Source: Admirals MetaTrader 5. USD/ZAR - Monthly Chart. Date: 1 May 2016 to 9 February 2024, captured on 9 Feb 2024. Past performance is not a reliable indicator of future results or future performance.


Analysts speaking to Reuters reporters noted that “an extended surge in the U.S. dollar may have driven some of the (rand's) weakness, but SA has done itself no favours and will not stand out as a currency to buy unless the state takes dramatic reform action.”

Mexican Peso: Presidential Elections Could Cause Volatility

Just as the US elections are due on November, Mexico has its own presidential elections scheduled for June 2nd. Mexico has emerged as the leading source of goods imported to the United States, overtaking China for the first time in the last twenty years. According to the US Department of Commerce, the total value of goods imported from Mexico surged by 5% in 2023.

Source: Admirals MetaTrader 5. USD/MXN - Monthly Chart. Date: 1 May 2016 to 9 February 2024, captured on 9 Feb 2024. Past performance is not a reliable indicator of future results or future performance.


According to ING analysts, the Mexican peso is one of the currencies that stand out from the emerging markets group. They note in a report that “however, Mexico currently has very high real rates – 6% using current inflation – and a modest reduction looks unlikely to do too much damage. At the same time, MXN price action shows it is far too early to miss out on 11% implied yields in the Peso on the threat that Donald Trump may or may not be elected president in November. We are still very positive on the Peso.”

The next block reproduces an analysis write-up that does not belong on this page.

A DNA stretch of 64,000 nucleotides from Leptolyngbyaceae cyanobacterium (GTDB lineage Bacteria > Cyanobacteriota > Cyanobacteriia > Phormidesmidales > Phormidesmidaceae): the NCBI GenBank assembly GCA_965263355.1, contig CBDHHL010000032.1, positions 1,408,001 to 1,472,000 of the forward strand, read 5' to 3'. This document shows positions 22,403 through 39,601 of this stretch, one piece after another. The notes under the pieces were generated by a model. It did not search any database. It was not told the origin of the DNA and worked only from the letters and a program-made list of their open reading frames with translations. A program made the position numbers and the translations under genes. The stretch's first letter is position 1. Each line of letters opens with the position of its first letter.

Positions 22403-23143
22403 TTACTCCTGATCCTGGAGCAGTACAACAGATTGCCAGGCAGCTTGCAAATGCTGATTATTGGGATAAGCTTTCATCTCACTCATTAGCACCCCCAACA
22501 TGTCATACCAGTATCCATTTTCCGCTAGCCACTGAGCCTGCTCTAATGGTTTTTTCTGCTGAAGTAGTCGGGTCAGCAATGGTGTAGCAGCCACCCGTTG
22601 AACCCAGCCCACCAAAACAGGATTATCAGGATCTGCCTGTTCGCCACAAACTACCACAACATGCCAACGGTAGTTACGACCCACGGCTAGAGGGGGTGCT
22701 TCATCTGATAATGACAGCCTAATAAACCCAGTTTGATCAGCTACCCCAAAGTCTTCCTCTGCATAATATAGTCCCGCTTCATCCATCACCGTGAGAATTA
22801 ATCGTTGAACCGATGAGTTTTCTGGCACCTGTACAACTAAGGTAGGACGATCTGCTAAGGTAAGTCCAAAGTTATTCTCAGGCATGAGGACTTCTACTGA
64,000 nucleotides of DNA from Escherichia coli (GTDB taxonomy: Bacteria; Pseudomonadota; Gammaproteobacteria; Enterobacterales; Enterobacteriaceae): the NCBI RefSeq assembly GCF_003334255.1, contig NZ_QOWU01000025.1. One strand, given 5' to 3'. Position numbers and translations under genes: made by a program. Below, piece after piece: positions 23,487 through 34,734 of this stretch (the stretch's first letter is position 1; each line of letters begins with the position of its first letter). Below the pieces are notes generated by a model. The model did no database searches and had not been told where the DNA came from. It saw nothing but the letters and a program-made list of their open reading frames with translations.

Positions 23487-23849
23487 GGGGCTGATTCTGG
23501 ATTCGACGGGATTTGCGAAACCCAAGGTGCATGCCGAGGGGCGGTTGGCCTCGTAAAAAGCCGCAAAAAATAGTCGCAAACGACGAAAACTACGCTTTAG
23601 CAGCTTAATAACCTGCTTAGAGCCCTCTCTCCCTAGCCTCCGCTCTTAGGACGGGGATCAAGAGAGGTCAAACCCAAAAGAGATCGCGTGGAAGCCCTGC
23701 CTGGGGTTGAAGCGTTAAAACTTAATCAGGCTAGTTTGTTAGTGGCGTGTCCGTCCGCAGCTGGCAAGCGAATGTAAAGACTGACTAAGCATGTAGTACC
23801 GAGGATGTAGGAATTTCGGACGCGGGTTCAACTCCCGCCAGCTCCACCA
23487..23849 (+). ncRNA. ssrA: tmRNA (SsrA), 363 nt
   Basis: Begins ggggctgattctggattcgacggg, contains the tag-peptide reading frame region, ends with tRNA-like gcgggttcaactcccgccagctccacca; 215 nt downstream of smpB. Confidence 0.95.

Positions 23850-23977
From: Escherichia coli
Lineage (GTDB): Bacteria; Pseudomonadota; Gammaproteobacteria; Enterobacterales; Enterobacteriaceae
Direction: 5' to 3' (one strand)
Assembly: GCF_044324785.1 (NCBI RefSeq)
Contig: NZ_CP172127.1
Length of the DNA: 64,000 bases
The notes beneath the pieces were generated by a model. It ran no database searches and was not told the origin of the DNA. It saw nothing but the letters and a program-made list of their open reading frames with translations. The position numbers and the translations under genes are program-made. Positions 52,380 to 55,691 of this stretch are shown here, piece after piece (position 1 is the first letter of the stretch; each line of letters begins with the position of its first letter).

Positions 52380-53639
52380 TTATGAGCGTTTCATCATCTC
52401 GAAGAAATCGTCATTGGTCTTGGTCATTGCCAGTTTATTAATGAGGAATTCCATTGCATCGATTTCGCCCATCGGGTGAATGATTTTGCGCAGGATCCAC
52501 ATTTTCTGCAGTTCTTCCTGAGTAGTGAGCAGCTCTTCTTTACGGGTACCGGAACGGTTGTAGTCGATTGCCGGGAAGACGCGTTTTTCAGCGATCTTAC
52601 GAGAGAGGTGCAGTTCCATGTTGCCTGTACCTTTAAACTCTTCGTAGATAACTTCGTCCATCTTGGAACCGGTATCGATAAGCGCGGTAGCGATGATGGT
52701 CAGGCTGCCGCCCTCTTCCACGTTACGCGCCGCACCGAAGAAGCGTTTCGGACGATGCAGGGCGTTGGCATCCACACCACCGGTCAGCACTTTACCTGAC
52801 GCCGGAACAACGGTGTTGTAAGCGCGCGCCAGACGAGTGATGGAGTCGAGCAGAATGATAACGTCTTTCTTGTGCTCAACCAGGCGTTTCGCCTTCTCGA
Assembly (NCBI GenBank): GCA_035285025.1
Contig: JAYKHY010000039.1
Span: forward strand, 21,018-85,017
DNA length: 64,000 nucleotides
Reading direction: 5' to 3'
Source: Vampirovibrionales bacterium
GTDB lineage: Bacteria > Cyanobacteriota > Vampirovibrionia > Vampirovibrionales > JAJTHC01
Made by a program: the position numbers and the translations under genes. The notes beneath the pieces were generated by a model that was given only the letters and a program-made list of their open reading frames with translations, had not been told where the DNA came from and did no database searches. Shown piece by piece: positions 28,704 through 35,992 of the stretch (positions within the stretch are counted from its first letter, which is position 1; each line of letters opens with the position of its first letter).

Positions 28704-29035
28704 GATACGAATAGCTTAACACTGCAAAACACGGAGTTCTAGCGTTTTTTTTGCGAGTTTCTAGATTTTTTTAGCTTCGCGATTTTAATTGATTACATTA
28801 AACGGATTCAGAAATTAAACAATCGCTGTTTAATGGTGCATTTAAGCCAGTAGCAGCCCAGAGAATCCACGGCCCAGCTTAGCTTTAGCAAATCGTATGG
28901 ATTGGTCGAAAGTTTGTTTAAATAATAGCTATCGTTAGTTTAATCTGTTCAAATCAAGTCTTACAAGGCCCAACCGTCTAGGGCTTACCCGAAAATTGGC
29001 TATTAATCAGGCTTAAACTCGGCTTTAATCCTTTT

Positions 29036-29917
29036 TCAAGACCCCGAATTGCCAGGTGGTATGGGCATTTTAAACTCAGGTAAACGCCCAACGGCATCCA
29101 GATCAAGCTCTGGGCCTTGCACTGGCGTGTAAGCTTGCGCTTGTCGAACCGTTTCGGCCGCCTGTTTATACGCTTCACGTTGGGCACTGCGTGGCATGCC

Pimco’s analysts are optimistic regarding the Mexican peso noting that “the fundamentals will dwarf any sort of near-term volatility for us. We zoom out a little bit and take a look at the more fundamental parts of the Mexican story. Whilst there might be some volatility around elections, the fundamentals are still very good.”

Source: Admirals MetaTrader 5. USD/MXN - Daily Chart. Date: 28 September 2023 to 9 February 2024, captured on 9 Feb 2024. Past performance is not a reliable indicator of future results or future performance.


Commenting on the Bank of Mexico interest rate plans, Commerzbank’s analysts said: “The real economy is now showing clear signs of the impact of high interest rates. Depending on whether there is more or less evidence today that rate cuts are imminent, the Peso could come under pressure. But even if there are no hints, a first rate cut in March does not seem unlikely at the moment, given the developments in core inflation and the slowdown in economic growth. Unless, of course, inflation gets out of control again.”

Turkish Lira: More Monetary Policy Tightening On The Way?

As Turkish political authorities have interfered with the decisions of the Central Bank of The Republic of Turkey (CBRT) regarding monetary policy, the local economy is still in a spiral of unprecedentedly high inflation figures.  

In its quarterly report, published on February 8th, the CBRT has kept its inflation forecasts for 2024 and 2025 unchanged at 36% and 14%, respectively. The annual inflation in Turkey accelerated from 64.77% in December 2023 to 64.86% in January 2024, according to the latest official data.

Source: Admirals MetaTrader 5. USD/TRY - Daily Chart. Date: 29 September 2023 to 9 February 2024, captured on 9 Feb 2024. Past performance is not a reliable indicator of future results or future performance.